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In Greek mythology, Uranus is the ancient deity of the heavens, the earliest supreme god. Uranus was the son and mate of Gaia?, the father of Cronus? (Saturn) and of the Cyclopes? and Titans (predecessors of the Olympian gods).

Uranus is the seventh planet from the sun. It is a gas giant. It is the first planet discovered that was not known in ancient times, though tt had actually been seen many times before but ignored as simply another star (the earliest recorded sighting was in 1690 when [John Flamsteed]? cataloged it as 34 Tauri). Sir William Herschel discovered the planet in 1781, and orignally called it Georgium Sidus (George's Star) in honour of King [George III]? of England. French astronomers began calling it Herschel before German [Johann Bode]? proposed the name Uranus, after the Greek god. The name didn't come into common useage until around 1850.

Uranus has twenty or so moons. The first two were discoverd by Herschel in 1787, and named, by his son, after characters from Shakespeare's A midsummer night's dream, as Titania and Oberon. Two more moons discovered by [William Lassell]? in 1851 were named Ariel and Umbriel; G. Kuiper discovered the moon Miranda in 1948. All moons of Uranus are named after characters from Shakespeare or [Alexander Pope]?.

The flyby of the [Voyager 2]? space probe in January of 1986 led to the discovery of another 10 moons. Six additional moons have been discovered by telescope since the Voyager flyby. Uranus has a faint planetary ring system, composed of dark particulate matter up to 10m in diameter.

Uranus is composed primarily of rock and various ices, with only about 15% hydrogen and a little helium (in contrast to Jupiter and Saturn which are mostly hydrogen). Uranus (and Neptune) are in many ways similar to the cores of Jupiter and Saturn minus the massive liquid metallic hydrogen envelope. It appears that Uranus does not have a rocky core like Jupiter and Saturn but rather that its material is more or less uniformly distributed. Uranus' cyan color is due to the adsorbption of red light by atmospheric methane.

One of the most distinctive features of Uranus is its axial tilt, almost ninty degrees. As a result of this tilt, for part of its orbit one pole faces the Sun continually while the other faces away continually. At the other side of Uranus' orbit the orientation of the poles towards the sun is reversed, and at the two sections of its orbit between these two extremes the Sun rises and sets around the equator normally.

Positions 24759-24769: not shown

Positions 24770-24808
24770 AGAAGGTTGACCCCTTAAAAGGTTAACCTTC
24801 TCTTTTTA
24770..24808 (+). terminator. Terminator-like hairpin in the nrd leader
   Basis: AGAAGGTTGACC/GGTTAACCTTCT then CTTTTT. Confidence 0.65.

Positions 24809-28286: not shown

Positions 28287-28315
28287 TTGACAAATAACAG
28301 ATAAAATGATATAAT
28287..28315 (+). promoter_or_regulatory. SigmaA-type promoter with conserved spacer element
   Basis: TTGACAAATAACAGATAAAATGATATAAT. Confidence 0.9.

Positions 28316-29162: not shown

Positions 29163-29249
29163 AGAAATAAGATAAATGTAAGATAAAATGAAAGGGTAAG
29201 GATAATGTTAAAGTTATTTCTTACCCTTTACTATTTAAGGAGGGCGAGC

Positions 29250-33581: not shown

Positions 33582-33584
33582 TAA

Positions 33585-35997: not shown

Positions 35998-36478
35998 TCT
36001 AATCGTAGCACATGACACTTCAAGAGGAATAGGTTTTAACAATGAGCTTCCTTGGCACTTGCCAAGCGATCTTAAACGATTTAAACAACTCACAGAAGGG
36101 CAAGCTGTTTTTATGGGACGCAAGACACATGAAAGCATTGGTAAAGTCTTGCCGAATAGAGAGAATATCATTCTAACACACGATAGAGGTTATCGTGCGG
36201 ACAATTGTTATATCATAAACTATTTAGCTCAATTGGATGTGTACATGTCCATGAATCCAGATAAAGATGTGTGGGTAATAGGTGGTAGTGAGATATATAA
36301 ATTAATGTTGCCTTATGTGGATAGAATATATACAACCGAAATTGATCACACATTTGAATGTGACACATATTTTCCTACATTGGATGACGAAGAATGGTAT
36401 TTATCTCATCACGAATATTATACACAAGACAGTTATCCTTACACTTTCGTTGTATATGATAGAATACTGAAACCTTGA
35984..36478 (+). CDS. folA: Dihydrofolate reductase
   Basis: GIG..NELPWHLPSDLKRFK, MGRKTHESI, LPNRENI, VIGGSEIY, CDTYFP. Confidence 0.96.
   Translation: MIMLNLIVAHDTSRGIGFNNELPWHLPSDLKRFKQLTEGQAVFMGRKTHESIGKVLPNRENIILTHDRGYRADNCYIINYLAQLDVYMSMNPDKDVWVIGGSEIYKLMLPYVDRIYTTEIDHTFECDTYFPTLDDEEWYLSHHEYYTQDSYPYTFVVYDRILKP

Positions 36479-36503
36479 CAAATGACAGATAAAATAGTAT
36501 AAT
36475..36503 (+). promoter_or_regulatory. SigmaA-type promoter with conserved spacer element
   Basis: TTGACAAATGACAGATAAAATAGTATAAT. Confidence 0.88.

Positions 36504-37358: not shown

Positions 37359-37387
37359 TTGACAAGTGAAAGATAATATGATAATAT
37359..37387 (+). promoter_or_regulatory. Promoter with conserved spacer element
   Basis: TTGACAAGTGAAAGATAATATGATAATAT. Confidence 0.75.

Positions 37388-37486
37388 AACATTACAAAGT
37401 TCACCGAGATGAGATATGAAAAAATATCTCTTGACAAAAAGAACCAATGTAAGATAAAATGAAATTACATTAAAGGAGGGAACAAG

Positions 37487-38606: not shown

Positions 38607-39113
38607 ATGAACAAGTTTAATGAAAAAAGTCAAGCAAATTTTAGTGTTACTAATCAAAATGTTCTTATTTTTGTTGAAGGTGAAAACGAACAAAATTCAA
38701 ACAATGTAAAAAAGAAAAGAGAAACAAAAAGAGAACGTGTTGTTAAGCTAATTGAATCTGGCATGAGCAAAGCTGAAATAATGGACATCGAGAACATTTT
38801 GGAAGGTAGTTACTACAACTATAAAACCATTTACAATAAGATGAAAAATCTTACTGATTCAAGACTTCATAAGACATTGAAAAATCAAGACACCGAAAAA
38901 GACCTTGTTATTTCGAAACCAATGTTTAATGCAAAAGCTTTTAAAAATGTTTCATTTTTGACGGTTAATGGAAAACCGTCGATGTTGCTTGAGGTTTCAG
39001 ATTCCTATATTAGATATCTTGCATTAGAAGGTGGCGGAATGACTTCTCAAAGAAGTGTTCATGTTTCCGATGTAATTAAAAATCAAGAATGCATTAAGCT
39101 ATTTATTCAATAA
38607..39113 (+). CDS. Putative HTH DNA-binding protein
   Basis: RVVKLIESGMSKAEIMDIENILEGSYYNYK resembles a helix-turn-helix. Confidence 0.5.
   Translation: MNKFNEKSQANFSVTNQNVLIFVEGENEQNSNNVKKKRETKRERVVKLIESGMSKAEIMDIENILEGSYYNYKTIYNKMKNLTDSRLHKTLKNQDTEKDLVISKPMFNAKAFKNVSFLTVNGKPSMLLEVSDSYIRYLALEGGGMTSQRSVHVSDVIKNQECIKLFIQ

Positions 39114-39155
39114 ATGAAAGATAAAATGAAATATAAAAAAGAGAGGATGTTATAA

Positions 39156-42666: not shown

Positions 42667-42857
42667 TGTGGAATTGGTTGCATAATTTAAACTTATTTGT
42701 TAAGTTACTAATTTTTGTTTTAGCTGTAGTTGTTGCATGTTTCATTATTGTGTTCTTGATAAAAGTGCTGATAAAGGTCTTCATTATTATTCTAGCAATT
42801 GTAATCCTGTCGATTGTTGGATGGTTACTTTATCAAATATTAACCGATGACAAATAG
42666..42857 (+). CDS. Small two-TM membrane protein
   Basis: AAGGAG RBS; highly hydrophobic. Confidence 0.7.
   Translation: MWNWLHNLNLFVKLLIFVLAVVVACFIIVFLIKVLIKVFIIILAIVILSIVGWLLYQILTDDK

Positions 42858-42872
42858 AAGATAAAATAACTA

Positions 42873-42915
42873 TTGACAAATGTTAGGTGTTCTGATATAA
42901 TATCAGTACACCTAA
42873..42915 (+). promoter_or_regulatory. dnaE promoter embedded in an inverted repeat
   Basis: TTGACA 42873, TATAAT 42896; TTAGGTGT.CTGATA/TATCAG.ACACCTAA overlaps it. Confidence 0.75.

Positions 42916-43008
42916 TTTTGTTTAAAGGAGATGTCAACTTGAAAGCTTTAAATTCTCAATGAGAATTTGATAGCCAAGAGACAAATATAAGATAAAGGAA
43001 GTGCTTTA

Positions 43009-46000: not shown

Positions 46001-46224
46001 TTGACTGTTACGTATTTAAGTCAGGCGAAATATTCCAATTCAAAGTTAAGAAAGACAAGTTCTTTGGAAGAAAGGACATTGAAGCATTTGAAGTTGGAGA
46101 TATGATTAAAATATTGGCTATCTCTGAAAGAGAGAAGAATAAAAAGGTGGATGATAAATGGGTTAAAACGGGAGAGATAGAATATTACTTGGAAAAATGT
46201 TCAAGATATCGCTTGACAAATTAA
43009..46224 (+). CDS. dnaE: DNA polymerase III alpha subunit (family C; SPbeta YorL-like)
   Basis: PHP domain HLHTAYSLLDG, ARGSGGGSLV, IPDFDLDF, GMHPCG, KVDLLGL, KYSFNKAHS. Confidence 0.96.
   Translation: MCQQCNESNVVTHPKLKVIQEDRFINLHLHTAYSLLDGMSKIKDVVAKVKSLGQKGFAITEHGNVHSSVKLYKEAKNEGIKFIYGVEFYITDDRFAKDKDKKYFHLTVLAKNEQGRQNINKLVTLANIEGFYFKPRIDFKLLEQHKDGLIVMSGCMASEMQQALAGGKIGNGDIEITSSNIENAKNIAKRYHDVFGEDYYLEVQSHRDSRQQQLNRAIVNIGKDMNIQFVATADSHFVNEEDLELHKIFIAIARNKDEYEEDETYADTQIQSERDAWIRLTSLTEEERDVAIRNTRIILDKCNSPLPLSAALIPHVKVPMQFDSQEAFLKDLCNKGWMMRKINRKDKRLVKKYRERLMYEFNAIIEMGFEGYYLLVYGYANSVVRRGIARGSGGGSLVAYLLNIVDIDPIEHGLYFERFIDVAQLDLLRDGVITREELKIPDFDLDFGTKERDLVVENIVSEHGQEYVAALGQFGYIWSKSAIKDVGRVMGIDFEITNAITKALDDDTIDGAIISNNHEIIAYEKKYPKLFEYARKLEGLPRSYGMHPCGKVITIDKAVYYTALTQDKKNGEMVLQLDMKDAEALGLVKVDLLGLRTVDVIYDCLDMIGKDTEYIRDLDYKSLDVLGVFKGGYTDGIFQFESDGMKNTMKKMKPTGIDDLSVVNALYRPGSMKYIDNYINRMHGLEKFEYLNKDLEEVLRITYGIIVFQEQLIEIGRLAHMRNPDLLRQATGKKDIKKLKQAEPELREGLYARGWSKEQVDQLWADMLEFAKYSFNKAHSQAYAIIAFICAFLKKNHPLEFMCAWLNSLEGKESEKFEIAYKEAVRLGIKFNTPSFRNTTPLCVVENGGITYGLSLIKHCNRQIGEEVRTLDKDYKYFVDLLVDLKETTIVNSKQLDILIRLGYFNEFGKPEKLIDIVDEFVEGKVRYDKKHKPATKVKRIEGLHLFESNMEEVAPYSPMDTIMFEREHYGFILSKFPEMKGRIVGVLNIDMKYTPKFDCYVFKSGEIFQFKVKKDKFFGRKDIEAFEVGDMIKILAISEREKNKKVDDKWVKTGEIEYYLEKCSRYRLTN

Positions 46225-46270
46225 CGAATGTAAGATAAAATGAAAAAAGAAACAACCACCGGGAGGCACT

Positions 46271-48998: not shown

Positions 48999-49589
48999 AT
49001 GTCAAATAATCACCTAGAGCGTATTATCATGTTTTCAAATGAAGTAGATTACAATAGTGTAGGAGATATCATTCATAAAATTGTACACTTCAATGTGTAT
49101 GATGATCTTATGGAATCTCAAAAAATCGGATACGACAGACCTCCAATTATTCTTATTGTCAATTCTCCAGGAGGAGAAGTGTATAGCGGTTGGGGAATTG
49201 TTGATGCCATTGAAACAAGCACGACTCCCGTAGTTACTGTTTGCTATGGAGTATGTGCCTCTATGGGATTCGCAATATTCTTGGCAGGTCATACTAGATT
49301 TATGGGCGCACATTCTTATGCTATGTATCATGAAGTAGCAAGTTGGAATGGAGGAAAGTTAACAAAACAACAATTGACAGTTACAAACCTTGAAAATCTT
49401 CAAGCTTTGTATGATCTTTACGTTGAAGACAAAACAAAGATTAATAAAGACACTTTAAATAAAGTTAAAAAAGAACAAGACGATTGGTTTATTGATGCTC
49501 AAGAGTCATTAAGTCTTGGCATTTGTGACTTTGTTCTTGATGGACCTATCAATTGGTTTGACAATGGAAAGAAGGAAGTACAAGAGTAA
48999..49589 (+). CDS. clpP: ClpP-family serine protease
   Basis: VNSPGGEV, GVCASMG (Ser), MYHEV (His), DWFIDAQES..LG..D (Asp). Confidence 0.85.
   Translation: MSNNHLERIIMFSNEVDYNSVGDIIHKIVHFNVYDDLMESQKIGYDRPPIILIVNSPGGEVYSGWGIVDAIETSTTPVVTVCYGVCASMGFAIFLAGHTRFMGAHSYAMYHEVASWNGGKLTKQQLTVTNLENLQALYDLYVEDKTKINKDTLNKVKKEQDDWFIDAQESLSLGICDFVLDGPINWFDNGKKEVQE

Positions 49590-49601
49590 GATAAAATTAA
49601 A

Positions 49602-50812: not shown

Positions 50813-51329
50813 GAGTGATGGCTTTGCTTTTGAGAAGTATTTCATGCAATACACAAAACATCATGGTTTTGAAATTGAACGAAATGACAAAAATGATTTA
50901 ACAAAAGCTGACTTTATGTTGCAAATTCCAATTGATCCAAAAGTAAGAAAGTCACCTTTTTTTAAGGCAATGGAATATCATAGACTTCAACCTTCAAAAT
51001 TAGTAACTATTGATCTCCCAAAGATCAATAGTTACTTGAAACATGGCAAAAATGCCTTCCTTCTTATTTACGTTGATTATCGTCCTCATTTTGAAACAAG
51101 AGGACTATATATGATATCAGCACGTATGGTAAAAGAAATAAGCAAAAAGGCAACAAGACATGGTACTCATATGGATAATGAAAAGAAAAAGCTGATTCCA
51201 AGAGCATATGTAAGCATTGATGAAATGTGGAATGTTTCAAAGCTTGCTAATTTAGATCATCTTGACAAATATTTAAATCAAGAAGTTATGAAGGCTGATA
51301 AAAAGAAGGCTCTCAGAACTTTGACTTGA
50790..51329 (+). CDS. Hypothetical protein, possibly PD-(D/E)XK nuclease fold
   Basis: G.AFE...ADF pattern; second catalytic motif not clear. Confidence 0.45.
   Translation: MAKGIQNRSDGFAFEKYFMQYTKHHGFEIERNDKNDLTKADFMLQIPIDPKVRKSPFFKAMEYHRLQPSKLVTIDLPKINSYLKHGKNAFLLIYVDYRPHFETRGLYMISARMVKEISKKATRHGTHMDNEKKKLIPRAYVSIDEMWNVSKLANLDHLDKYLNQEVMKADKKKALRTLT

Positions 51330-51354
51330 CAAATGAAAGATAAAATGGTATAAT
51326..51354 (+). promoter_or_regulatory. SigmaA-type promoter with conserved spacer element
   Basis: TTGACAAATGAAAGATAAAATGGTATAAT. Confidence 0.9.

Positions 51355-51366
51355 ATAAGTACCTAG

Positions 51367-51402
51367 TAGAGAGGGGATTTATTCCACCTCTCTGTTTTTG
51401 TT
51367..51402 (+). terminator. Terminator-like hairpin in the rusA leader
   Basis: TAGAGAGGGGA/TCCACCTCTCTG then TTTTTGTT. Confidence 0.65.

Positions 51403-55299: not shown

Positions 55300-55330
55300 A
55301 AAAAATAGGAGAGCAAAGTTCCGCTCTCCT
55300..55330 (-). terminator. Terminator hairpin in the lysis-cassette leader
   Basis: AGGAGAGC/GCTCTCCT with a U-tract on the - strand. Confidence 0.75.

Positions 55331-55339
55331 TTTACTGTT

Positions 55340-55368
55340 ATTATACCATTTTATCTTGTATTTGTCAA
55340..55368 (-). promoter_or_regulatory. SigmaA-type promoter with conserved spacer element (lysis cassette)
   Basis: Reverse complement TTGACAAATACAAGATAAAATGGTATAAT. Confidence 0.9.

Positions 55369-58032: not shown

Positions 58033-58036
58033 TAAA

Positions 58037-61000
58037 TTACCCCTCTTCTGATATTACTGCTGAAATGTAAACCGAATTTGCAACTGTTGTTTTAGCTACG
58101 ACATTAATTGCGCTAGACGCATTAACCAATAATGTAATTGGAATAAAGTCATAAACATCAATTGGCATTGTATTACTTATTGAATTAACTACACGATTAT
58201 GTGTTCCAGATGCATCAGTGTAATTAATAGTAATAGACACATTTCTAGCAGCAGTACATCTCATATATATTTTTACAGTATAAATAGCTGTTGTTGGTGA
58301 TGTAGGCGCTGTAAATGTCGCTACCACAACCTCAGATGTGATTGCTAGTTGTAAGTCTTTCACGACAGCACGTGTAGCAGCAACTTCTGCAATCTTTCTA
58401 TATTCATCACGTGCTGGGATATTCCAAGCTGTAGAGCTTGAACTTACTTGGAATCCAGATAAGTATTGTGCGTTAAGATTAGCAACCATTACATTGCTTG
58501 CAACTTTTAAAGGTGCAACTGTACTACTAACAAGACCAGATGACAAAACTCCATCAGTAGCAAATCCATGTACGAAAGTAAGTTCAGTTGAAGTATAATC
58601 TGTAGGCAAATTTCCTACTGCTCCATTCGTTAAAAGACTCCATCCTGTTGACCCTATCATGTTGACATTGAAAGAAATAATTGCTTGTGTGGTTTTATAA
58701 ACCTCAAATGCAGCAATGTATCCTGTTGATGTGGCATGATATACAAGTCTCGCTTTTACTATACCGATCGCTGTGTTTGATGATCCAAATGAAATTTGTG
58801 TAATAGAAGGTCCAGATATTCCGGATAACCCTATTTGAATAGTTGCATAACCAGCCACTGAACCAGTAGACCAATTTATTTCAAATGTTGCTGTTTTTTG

At the time of Voyager 2's passage, Uranus' south pole was pointed almost directly at the Sun. Note that the labelling of this pole as "south" is actually in some dispute. Uranus either has an axial tilt of slightly more than 90°, or it has an axial tilt of slightly less than 90° and it rotates in a retrograde direction; these two descriptions are exactly equivalent as physical descriptions of the planet but result in different definitions of which pole is the North Pole and which is the South Pole.

One result of this odd orientation is that that Uranus' polar regions receive more energy input from the Sun than do its equatorial regions. Uranus is nevertheless hotter at its equator than at its poles. The mechanism underlying this is unknown. The reason for Uranus' extreme axial tilt is also not known. It is speculated that perhaps during the formation of the planet it collided with an enormous protoplanet, resulting in the skewed orientation.

It appears that Uranus' extreme axial tilt also results in extreme seasonal variations in its weather. During the Voyager 2 flyby, Uranus' banded cloud patterns were extremely bland and faint. Recent [Hubble Space Telescope]? observations, however, show a more strongly banded appearance now that the Sun is approaching Uranus' equator. By 2007 the Sun will be directly over Uranus' equator.

Uranus' [magnetic field]? is odd in that it is not centered on the center of the planet and is tilted almost 60° with respect to the axis of rotation. It is probably generated by motion at relatively shallow depths within Uranus. Neptune has a similarly displaced magnetic field, suggesting that this is not necessarily a result of Uranus's axial tilt. The magnetotail is twisted by the planet's rotation into a long corkscrew shape behind the planet. The magnetic field's source is unknown; the electrically conductive, super-pressurized ocean of water and ammonia once thought to lie between the core and the atmosphere now appears to be nonexistent.

Moons (in order of distance from Uranus):

Name Orbital
radius (km)
Cordelia? 49,752 26 Unknown
Ophelia? 53,764 32 Unknown
Bianca? 59,165 44 Unknown
Cressida? 61,767 66 Unknown
Desdemona? 62,659 58 Unknown
Juliet? 64,358 84 Unknown
Portia 66,097 110 Unknown
Rosalind? 69,927 54 Unknown
Belinda? 75,255 68 Unknown
1986U10* ~75,000 ~40 Unknown
Puck 86,006 154 Unknown
Miranda 129,850 472 6.3×1019
Ariel 190,930 1158 1.27×1021
Umbriel 265,980 1170 1.27×1021
Titania 436,270 1578 3.49×1021
Oberon 583,420 1523 3.03×1021
Caliban? ~7,200,000 ~80 Unknown
Stephano? ~10,000,000-
~30-40 Unknown
Sycorax ~12,200,000 ~160 Unknown
Prospero? ~10,000,000-
~30-40 Unknown
Setebos? ~10,000,000-
~30-40 Unknown

*Awaiting confirmation and naming

Solar system:
Sun - Mercury - Venus - Earth - Mars - Asteroids - Jupiter - Saturn - Uranus - Neptune - Pluto - Comets

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Last edited December 11, 2001 5:50 am by Bryan Derksen (diff)